The scientific study of happiness and well-being is relatively young. The field got its start as philosophers sought to discover what it meant to live a meaningful and virtuous life. More recently, researchers in psychology have created a thriving subfield known as positive psychology.
Economists, with a few notable exceptions, were late to the party, but they are now turning their thinking and methods to the study of happiness.
Much attention in positive psychology has been paid to discover the role of individual differences and attributes in achieving happiness. Researchers constructed what is referred to as the “happy personality”. Economists have expanded this research by looking at how happiness and well-being are shaped by common experiences, such as the economy and public institutions.
An individual’s income has long been known to impact his or her reported level of happiness. Principally, a higher income leads to increased security and consumption. Less obviously, those with higher incomes tend to compare themselves with those who have less. Seeing their relative success, or failure, individuals report more or less happiness based on how they compare to others.
Because income is important for individual reported happiness, it should follow that aggregate measures of income, such as GDP per capita, should influence aggregate measures of happiness. It turns out this is a point of contention.
Richard Easterlin, one of the early entrants into the field of happiness economics, gained fame for what is now known as the “Easterlin Paradox”. This paradox demonstrated the strong correlation between individual income and happiness, but as Easterlin documents, no such positive relationship is present between GDP per capita and national happiness. While this empirical observation gained Easterlin some notoriety, his claims are highly disputed.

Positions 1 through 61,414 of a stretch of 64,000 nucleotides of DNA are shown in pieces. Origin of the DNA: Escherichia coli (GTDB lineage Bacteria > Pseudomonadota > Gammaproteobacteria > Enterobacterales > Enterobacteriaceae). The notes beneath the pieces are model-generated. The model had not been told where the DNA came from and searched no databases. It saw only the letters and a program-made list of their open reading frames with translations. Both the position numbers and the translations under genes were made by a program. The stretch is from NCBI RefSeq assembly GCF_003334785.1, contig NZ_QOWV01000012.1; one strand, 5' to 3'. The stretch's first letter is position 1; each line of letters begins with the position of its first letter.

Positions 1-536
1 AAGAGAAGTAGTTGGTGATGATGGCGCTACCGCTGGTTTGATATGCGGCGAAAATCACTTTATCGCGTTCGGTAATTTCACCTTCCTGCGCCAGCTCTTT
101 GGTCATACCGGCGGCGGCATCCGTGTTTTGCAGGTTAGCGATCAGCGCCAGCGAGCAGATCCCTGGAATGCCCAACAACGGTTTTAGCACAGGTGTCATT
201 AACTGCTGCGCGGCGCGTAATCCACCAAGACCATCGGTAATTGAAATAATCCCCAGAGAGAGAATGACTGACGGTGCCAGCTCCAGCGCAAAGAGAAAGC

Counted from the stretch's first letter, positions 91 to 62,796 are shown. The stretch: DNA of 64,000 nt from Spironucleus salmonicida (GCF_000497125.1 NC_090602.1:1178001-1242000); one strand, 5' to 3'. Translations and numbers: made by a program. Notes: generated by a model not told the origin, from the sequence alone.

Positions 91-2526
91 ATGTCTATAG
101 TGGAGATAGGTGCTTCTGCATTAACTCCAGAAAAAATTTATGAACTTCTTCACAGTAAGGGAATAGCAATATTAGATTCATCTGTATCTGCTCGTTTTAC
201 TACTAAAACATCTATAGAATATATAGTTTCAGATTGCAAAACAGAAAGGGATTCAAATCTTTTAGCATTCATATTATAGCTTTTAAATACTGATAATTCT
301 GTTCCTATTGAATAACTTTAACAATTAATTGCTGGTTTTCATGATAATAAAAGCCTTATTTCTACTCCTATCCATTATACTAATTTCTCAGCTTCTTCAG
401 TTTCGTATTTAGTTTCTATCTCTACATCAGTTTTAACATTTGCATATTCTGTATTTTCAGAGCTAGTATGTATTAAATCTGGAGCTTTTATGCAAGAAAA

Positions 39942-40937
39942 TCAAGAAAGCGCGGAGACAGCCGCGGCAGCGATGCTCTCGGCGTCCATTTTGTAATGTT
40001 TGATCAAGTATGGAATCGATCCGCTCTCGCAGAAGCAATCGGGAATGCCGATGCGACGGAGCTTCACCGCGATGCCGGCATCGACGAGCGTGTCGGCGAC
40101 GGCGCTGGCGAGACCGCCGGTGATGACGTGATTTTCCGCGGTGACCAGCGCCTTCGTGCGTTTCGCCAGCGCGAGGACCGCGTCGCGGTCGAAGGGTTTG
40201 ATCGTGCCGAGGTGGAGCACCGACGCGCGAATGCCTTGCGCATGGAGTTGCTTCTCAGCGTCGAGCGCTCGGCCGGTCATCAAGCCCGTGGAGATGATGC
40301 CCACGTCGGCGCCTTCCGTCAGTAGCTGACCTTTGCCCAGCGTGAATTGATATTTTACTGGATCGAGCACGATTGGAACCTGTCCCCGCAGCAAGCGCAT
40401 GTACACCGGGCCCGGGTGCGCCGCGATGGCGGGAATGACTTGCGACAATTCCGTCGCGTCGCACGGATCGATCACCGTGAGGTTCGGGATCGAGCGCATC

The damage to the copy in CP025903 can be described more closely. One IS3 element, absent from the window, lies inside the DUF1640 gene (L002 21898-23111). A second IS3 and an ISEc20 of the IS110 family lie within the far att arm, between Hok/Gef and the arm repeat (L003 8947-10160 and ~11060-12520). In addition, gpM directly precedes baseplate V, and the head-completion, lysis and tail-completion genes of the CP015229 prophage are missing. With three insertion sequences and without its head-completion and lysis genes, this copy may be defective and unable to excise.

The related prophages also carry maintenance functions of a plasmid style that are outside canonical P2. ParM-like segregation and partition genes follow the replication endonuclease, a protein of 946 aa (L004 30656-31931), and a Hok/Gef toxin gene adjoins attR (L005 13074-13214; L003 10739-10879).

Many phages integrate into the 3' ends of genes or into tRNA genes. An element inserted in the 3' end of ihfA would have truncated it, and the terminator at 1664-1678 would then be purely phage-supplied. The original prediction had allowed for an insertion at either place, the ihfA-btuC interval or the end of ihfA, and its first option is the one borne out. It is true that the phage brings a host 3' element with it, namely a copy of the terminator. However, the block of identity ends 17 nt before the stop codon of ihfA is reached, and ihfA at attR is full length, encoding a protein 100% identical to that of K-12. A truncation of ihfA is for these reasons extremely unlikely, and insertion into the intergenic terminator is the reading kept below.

Economists Bruno Frey and Alois Stutzer found that people are happier in democratic political institutions. According to their study, democratic and localized governments achieve political outcomes closer to the preferred policies of their citizens. This then generates higher happiness scores. Interestingly, not only does democracy matter for happiness, but so does the quality of the democracy.
If economic development and political institutions matter for happiness, it follows that economic freedom, which is known to coincide with both democracy and economic growth, should also positively affect happiness.
Economic freedom refers to the ability of individuals to use their property as they see fit. Therefore, measures of economic freedom “should measure the extent to which rightly acquired property is protected and individuals are engaged in voluntary transactions.” (Gwartney et al. 1996: 12).
Economic freedom affects happiness because it directly increases the number of options available. This happens as institutions of economic freedom lead to greater wealth and prosperity and as individuals are granted autonomy in their decision-making. Without economic freedom, individuals are forced to accept coercive decisions, which reduces their overall happiness.
The relationship between economic freedom and happiness has been shown extensively at the international-level. Moreover, I recently published a study in the Journal of Happiness Studies using data from the U.S. to demonstrate a positive relationship between economic freedom and happiness at the state-level.
Despite economists’ late entrance into the study of happiness, their findings – particularly related to economic freedom – have been robust.
Institutions are a fundamental feature of our world. They shape many aspects of our daily life from the side of the road we drive on to the elections we participate in and the contracts we enter into. Institutions, directly and indirectly, affect our quality of life. In particular, the institutions of liberal democracy and free markets are vital for the pursuit of happiness.
Meet the Author
Jeremy Jackson is the director of the Center for the Study of Public Choice and Private Enterprise (PCPE) and an associate professor in the NDSU Department of Agribusiness and Applied Economics. Read his bio.